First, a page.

Infections Associated with Different Types of Waste
|Organism||Diseases Caused||Related waste|
HIV, Hepatitis B, Hepatitis A,
C, Arboviruses, Enteroviruses
|AIDS, Infectious, Hepatitis, Dengue, Japanese encephalitis, tick-borne, fevers, meningitis, etc.||Infected needles, body fluids, Human excreta, soiled linen, blood|
Salmonella typhi, vibrio, cholera, clostridium tetani, Pseudomonas, Streptococcus.
|Typhoid, Cholera, Tetanus, Wound infections, Septicaemia, Rheumatic, fever, endocarditis, skin and soft tissue infections, meningitis, bacteraemia.||Human excreta and body fluids in landfills, and hospital wards sharps such as needles, surgical blades in hospital waste.|
Wucheraria Bancrofti, Plasmodium
|Cutaneous leishmaniosis, Kala Azar, Malaria||Human excreta, blood and body fluids in poorly managed sewage system of hospitals|
The risk of being infected by HBV, HCV and HIV for a person who experiences one needle stick injury from an infected needle is 30%, 1.8% and 0.3% respectively.
In developing countries not disposing used medical items correctly often leads to items like syringes and needles getting illegally recycled, repacked and sold in the grey market.
Government Intervention and Biomedical Waste Management Regulations
In 2016 new guidelines for handling biomedical waste were released by the Ministry of Environment, Forest and Climate Change. Categorization and authorization with a bar code system for proper control has been made mandatory. They have also made provision for pre-treatment of blood samples, lab waste etc. It is required that the hospital put effective disposal mechanisms in place either directly or through common biomedical disposal and treatment facilities.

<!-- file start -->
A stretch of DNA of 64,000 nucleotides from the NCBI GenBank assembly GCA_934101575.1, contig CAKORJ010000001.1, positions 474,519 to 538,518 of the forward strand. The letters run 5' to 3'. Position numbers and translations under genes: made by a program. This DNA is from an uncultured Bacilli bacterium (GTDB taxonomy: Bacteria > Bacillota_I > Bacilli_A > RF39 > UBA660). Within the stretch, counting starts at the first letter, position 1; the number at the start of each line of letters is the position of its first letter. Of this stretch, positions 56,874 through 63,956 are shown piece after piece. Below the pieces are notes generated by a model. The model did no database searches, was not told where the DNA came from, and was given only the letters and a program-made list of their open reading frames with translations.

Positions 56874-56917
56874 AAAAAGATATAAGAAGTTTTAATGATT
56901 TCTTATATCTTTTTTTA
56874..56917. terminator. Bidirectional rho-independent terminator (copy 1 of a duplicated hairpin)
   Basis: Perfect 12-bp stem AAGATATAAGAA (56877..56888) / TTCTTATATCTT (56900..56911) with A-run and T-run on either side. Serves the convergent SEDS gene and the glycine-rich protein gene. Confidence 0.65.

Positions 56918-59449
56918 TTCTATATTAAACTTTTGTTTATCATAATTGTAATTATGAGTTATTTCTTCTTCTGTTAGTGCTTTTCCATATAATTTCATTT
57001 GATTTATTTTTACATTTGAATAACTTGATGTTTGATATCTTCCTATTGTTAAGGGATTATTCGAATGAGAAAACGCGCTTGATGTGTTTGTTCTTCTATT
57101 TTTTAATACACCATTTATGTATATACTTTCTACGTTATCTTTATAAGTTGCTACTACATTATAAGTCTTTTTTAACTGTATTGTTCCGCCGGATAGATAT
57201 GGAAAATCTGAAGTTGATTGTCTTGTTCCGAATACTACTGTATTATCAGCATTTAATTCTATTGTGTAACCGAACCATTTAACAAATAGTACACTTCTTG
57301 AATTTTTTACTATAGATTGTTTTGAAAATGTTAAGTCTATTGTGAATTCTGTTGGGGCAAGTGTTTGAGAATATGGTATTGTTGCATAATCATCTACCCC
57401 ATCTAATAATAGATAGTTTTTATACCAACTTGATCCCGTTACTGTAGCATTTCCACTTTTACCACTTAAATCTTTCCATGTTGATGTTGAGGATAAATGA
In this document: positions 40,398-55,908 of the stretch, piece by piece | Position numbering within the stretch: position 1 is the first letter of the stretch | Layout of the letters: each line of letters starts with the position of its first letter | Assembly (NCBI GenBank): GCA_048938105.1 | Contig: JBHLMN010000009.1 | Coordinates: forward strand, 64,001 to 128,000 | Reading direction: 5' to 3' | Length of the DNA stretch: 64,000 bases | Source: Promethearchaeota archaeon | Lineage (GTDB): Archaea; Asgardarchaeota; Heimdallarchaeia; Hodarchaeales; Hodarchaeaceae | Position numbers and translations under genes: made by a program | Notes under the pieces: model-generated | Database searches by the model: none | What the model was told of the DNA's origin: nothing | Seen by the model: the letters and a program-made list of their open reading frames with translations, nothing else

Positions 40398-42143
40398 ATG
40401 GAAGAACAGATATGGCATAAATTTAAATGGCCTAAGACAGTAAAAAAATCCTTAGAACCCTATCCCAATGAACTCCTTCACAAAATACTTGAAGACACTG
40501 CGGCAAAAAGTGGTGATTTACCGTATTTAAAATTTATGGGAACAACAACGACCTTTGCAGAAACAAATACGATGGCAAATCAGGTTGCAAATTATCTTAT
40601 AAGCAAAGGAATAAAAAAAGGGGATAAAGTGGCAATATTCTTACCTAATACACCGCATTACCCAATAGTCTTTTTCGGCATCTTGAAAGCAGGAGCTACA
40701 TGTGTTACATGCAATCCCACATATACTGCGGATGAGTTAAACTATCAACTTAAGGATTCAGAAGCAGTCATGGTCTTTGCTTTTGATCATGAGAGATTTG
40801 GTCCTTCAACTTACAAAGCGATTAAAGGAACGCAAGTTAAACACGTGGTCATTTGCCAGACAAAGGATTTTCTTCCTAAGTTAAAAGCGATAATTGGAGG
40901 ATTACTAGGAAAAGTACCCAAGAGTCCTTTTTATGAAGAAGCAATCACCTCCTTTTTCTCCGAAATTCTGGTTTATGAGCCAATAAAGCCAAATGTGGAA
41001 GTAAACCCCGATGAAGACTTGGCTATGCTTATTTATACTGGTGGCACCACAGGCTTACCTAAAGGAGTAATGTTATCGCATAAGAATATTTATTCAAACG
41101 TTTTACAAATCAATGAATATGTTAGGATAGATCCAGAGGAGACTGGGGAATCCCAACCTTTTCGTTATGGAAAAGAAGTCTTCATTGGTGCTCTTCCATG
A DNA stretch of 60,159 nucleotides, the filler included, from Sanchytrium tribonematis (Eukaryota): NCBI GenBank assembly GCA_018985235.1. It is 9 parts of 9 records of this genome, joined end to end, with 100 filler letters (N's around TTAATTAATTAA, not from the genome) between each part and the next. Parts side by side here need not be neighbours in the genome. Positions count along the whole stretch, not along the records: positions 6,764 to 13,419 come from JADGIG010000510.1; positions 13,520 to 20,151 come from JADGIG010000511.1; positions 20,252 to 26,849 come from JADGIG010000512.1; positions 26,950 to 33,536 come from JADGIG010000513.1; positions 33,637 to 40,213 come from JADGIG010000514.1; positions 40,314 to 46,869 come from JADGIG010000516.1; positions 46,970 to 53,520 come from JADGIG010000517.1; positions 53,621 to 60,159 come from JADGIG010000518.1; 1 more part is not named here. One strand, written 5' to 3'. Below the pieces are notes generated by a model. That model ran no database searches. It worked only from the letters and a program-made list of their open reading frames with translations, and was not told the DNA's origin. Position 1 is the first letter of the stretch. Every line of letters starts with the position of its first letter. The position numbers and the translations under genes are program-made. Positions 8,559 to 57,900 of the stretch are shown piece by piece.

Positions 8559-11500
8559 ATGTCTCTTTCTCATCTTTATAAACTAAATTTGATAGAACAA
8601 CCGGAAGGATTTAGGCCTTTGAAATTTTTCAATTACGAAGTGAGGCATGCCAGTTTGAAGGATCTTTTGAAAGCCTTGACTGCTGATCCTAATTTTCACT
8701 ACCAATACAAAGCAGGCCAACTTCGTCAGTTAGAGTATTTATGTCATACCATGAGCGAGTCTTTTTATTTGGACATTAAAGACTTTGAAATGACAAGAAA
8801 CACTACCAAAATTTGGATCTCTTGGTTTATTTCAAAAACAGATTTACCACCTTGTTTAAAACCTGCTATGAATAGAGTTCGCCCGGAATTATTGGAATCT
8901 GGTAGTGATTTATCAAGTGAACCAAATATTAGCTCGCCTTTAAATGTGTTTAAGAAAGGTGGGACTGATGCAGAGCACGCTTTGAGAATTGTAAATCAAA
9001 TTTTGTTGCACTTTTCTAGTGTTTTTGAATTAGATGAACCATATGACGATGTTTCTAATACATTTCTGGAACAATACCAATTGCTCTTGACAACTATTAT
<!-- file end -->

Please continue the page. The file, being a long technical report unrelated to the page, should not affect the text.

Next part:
Major Differences between 1998 & 2016 Rules
|1998 Rules||2016 Rules|
|1||Occupier with more than 1000 patients per months required to obtain authorisation||Every occupier generating BMW including health camps or ayush requires to obtain authorisation|
|2||Operator duties absent||Operator duties listed.|
|3||Biomedical waste divided in 10 categories||Biomedical waste divided in 4 categories at source|
|4||No format for annual report||A Format for annual report appended with the rules.|
A proper biomedical waste management program should address-
• Identifying all departments generating the waste and the department’s handling the waste.
• Oversight of the waste management program by the Infection control department.
• Mechanism to identify and report incidents of improper waste segregation like needle stick injuries.
• Ensuring that the contractor responsible for carrying out treatment, transportation, and disposing of waste as per the pollution control board specifications actually does what he is says he is doing.
Concerned associates to be trained continuously in-
• Policies and processes of biomedical waste management
• Use of personnel protective equipment
• Handling emergency situations like waste spillage
• Following color codes for proper segregation of waste and labelling to indicate the nature of waste.
• Proper transportation and storage of waste as per the defined norms
• Storage area and bins should be cleaned and disinfected as defined
It is the responsibility of the entire healthcare industry along with the hospital staff to ensure that biomedical waste is managed efficiently. The new guidelines of 2016 need to be implimented not only on paper but also in spirit to ensure that the risks of these biomedical waste are minimised and in time eliminated completely.